House of Representatives

Superannuation Legislation Amendment (Further MySuper and Transparency Measures) Bill 2012

Explanatory Memorandum

(Circulated by the authority of the Minister for Employment and Workplace Relations and Minister for Financial Services and Superannuation, the Hon Bill Shorten MP)

Chapter 3 - Collection and disclosure of information

Outline of chapter

3.1 This chapter explains amendments to the APRA Act, the Corporations Act, the FSCOD Act and the SIS Act to expand the coverage of APRA's data collection, enable the publication of data on MySuper products, and improve disclosure for superannuation, including through new requirements to publish a product dashboard and portfolio holdings.

Context of amendments

3.2 The Review identified a lack of transparency, comparability and, consequently, accountability in Australia's superannuation system. In particular, there is no standardised methodology for calculating and disclosing relevant fund or investment option information. It was also noted that members often rely inappropriately on historical investment return data which gives no information about the risk attached to those returns.

3.3 The Government has committed to improve transparency in the superannuation system through enhanced disclosure requirements and broadening APRA's ability to collect and publish information on the operation and efficiency of superannuation funds.

3.4 MySuper products are intended to set a new benchmark for superannuation in the level of transparency and comparability of key performance information. APRA will collect and publish information on the fees, costs and returns of each MySuper product.

3.5 The Review noted that portfolio disclosure in Australia is unduly opaque and does not meet global best practice. Requiring the disclosure of portfolio holdings will provide greater transparency and allow members to understand where their superannuation is invested.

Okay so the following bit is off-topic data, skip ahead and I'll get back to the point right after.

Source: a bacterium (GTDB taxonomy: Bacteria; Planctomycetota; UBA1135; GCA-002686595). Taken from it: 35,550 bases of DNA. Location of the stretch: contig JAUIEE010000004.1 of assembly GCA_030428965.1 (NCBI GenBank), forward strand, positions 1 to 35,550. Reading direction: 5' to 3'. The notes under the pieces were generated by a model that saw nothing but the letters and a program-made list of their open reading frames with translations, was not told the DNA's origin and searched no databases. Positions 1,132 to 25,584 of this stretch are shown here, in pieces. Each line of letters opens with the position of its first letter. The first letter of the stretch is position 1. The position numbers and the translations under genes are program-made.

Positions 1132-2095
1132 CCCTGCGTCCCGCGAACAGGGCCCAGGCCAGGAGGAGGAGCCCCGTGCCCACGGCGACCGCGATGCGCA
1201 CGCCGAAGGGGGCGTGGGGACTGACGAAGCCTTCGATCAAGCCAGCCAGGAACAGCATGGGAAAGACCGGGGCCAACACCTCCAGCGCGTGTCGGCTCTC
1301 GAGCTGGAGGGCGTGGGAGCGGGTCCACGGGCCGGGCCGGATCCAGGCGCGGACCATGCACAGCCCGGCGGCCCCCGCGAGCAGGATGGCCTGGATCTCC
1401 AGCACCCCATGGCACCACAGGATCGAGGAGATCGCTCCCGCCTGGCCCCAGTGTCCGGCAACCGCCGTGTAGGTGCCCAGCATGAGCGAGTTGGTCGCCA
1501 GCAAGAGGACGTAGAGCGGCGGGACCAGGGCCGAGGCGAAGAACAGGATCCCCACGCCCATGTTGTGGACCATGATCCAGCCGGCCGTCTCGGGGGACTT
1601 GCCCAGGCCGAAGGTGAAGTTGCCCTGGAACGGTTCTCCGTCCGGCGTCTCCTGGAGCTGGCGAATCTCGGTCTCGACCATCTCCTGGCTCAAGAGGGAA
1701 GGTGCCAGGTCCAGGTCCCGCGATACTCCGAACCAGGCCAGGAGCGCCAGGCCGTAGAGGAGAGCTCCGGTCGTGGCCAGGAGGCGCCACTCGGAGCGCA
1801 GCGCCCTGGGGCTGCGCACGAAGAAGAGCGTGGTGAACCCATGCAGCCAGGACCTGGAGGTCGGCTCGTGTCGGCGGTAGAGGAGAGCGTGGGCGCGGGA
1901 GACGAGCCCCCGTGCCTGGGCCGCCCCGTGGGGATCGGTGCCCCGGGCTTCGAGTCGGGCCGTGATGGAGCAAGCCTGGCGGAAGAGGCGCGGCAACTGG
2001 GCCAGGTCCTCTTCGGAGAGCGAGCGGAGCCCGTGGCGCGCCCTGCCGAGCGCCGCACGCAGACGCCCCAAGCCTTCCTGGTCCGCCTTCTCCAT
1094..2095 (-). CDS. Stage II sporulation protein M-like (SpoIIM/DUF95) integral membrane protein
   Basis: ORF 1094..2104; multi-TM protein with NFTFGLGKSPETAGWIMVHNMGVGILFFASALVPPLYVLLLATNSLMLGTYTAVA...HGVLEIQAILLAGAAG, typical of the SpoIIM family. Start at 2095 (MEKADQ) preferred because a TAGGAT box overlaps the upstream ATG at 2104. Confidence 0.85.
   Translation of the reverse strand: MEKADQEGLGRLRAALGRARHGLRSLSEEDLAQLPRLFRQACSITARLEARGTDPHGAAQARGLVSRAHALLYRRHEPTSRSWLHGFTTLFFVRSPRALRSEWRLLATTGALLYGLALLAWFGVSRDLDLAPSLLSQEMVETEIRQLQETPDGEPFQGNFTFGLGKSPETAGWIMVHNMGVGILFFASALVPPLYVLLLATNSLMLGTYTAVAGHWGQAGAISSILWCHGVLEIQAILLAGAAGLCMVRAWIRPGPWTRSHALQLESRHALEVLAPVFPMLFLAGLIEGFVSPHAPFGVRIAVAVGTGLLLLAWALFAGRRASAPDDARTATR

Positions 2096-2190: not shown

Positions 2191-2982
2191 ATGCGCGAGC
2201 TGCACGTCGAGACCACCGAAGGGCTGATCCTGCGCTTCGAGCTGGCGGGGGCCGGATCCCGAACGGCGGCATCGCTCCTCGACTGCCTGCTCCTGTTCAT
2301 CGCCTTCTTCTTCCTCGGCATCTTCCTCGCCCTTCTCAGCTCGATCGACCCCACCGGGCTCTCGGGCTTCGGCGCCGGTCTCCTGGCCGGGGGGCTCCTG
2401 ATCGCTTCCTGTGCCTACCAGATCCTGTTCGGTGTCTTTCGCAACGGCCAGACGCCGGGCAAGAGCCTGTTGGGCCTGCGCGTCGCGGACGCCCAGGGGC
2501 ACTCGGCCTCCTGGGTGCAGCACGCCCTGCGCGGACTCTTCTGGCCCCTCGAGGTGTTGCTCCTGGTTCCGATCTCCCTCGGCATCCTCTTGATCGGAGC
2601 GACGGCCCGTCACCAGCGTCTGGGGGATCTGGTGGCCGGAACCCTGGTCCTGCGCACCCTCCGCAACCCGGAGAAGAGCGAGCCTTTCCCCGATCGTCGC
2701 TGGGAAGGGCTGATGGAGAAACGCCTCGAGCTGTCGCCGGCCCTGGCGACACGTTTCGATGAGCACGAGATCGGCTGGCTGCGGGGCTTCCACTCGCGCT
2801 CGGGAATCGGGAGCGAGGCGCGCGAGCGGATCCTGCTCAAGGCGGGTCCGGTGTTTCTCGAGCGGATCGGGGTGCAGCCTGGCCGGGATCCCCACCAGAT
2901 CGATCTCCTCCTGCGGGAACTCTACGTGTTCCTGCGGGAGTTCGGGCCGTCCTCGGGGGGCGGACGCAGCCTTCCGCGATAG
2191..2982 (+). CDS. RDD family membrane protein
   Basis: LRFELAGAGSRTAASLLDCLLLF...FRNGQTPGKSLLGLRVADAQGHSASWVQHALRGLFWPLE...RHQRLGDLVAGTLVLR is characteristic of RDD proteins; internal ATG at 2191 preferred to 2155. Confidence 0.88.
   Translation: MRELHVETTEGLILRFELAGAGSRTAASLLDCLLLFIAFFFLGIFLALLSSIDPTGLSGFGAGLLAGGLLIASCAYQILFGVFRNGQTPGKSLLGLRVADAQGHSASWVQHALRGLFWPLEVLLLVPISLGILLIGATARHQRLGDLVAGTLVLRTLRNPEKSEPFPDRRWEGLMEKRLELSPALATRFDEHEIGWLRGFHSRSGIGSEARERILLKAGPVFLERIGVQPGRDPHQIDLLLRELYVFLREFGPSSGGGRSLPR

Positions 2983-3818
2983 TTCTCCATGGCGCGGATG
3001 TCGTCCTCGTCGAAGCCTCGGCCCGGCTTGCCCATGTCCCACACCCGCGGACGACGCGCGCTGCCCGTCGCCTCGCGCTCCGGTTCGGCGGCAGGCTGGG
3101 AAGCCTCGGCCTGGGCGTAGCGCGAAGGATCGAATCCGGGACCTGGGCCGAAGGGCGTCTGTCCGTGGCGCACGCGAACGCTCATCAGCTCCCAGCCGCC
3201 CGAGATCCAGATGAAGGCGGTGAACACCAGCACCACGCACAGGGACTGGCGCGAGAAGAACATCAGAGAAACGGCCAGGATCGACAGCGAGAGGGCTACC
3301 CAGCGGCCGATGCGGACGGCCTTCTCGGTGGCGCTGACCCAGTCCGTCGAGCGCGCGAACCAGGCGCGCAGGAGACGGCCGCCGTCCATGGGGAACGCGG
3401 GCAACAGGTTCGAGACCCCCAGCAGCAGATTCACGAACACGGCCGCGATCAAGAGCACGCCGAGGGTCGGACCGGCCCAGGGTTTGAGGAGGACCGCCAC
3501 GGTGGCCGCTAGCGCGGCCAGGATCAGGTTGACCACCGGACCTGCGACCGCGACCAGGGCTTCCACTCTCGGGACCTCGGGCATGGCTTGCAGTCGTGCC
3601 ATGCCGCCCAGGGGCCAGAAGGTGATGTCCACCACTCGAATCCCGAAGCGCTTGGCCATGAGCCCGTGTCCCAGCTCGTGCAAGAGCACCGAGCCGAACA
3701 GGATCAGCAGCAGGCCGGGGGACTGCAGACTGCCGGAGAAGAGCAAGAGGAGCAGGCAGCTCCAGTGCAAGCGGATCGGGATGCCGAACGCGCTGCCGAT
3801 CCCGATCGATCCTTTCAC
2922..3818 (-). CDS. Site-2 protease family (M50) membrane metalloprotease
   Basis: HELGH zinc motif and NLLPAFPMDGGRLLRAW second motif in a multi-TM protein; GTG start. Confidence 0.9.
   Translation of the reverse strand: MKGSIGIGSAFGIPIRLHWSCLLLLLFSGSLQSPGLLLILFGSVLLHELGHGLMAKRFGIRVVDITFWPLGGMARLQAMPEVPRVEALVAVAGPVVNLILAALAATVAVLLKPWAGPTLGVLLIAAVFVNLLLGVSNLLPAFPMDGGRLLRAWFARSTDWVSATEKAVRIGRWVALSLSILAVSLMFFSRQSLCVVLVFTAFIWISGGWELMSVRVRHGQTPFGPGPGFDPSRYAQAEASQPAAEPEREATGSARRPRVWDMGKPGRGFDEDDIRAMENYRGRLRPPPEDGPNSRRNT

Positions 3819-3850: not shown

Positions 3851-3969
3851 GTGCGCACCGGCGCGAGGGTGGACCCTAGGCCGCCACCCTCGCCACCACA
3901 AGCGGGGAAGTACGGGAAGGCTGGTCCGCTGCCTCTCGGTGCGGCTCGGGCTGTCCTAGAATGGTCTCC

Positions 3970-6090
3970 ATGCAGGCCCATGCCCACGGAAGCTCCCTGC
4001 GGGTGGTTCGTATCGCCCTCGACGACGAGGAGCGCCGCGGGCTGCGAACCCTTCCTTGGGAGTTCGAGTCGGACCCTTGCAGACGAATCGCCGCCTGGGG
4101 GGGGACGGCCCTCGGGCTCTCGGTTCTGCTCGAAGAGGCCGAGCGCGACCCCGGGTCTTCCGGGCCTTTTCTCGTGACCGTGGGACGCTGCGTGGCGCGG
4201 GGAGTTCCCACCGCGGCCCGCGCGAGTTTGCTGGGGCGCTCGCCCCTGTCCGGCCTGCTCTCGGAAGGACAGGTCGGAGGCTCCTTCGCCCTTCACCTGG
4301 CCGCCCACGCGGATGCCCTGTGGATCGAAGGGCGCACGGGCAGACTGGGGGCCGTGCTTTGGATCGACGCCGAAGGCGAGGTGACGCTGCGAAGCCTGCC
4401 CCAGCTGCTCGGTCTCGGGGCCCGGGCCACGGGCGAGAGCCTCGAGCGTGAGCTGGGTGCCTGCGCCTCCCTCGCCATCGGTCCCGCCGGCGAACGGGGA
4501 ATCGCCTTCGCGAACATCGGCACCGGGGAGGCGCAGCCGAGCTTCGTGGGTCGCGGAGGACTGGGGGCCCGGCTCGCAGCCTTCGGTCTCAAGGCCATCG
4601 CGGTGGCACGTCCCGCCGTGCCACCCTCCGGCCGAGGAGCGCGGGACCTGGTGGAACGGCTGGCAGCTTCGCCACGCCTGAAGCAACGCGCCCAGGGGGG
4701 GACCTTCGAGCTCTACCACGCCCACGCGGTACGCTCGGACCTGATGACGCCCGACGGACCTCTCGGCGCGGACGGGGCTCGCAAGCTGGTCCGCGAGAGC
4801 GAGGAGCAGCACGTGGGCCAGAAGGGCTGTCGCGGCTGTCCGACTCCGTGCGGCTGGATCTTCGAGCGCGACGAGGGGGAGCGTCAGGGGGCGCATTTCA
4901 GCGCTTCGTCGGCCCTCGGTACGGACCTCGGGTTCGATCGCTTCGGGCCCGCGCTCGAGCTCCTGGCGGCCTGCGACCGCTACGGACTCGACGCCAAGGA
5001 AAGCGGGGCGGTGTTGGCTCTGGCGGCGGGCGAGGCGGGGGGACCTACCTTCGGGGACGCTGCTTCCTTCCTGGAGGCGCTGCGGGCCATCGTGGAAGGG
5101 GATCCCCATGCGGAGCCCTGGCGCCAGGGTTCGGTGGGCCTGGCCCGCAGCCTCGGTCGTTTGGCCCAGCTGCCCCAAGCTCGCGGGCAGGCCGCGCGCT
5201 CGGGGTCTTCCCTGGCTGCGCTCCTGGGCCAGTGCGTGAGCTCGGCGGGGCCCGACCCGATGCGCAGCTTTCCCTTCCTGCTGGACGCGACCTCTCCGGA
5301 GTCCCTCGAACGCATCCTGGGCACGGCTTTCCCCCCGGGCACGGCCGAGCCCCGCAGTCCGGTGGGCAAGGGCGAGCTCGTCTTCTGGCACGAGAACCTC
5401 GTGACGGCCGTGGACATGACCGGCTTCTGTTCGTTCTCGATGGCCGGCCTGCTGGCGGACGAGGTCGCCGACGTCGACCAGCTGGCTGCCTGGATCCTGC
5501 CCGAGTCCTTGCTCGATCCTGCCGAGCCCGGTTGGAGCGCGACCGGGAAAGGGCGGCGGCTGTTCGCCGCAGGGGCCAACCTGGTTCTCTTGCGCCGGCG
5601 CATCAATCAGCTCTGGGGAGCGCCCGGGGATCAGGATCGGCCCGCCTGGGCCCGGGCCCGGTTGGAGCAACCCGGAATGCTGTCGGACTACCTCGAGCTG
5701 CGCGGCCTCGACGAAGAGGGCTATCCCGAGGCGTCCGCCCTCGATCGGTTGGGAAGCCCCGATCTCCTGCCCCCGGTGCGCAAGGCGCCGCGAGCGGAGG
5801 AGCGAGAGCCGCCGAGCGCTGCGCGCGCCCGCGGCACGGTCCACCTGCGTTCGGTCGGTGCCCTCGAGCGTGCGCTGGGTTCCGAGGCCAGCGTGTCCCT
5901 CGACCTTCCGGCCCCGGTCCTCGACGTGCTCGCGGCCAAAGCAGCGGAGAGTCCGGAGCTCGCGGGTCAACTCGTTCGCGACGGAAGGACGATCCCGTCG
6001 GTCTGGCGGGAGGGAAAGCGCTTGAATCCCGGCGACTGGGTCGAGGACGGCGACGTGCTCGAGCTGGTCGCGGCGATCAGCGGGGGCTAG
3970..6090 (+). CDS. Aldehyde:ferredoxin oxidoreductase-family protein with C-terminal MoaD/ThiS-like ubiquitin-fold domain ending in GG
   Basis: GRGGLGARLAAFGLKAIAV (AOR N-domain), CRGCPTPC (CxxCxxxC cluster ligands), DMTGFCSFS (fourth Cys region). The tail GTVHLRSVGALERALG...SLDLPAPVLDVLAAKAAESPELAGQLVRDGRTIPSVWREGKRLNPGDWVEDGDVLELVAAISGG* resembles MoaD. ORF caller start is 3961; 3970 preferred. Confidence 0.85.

Summary of new law

APRA's data collection

3.6 APRA will have the ability to collect additional data from RSE licensees. In particular, an obligation to provide relevant data will apply to related bodies corporate, custodians of an RSE licensee and other parties under a contract or arrangement with one of these entities or the RSE licensee itself. This will allow APRA to collect more accurate and complete data on the investments and costs of superannuation entities.

Publication of MySuper data

3.7 APRA will be required to publish information on the returns, fees and costs of all MySuper products quarterly. This requirement does not limit APRA from publishing other information regarding MySuper or other superannuation products.

Requirements to publish a product dashboard and other information

3.8 RSE licensees will be required to publish a product dashboard for each of the fund's MySuper and choice products on a part of their website that is accessible to the public at all times. The product dashboard will contain information on the investment return target and the number of times the target has been achieved, level of investment risk, a statement about the liquidity of the product and a measure of the average amount of fees and other costs in relation to the product.

3.9 Funds will also have to disclose the remuneration of directors and executive officers. Regulations will specify other documents to be published on a fund's website to promote transparency.

Requirement to publish portfolio holdings

3.10 RSE licensees will be required to publish information regarding their portfolio holdings on their website. The RSE licensee must publish portfolio holdings as at the reporting day, which will occur once every six months on 30 June and 31 December, within 90 days after each reporting day.

3.11 A person who acquires a financial product or enters into a custodial arrangement using the assets, or assets derived from the assets, of an RSE under a contract or arrangement will be required to notify any person with whom they are investing those assets that they will be required to provide the relevant information to the RSE licensee so that it can satisfy its obligation to publish portfolio holdings.

3.12 Any person that receives a notification must provide information sufficient to identify the financial product acquired and any other property and financial products that they know, or reasonably ought to know, will be acquired using assets, or assets derived from assets, of the RSE licensee and the value invested, so that the RSE licensee is able to comply with their obligation to publish portfolio holdings.

Comparison of key features of new law and current law

New law Current law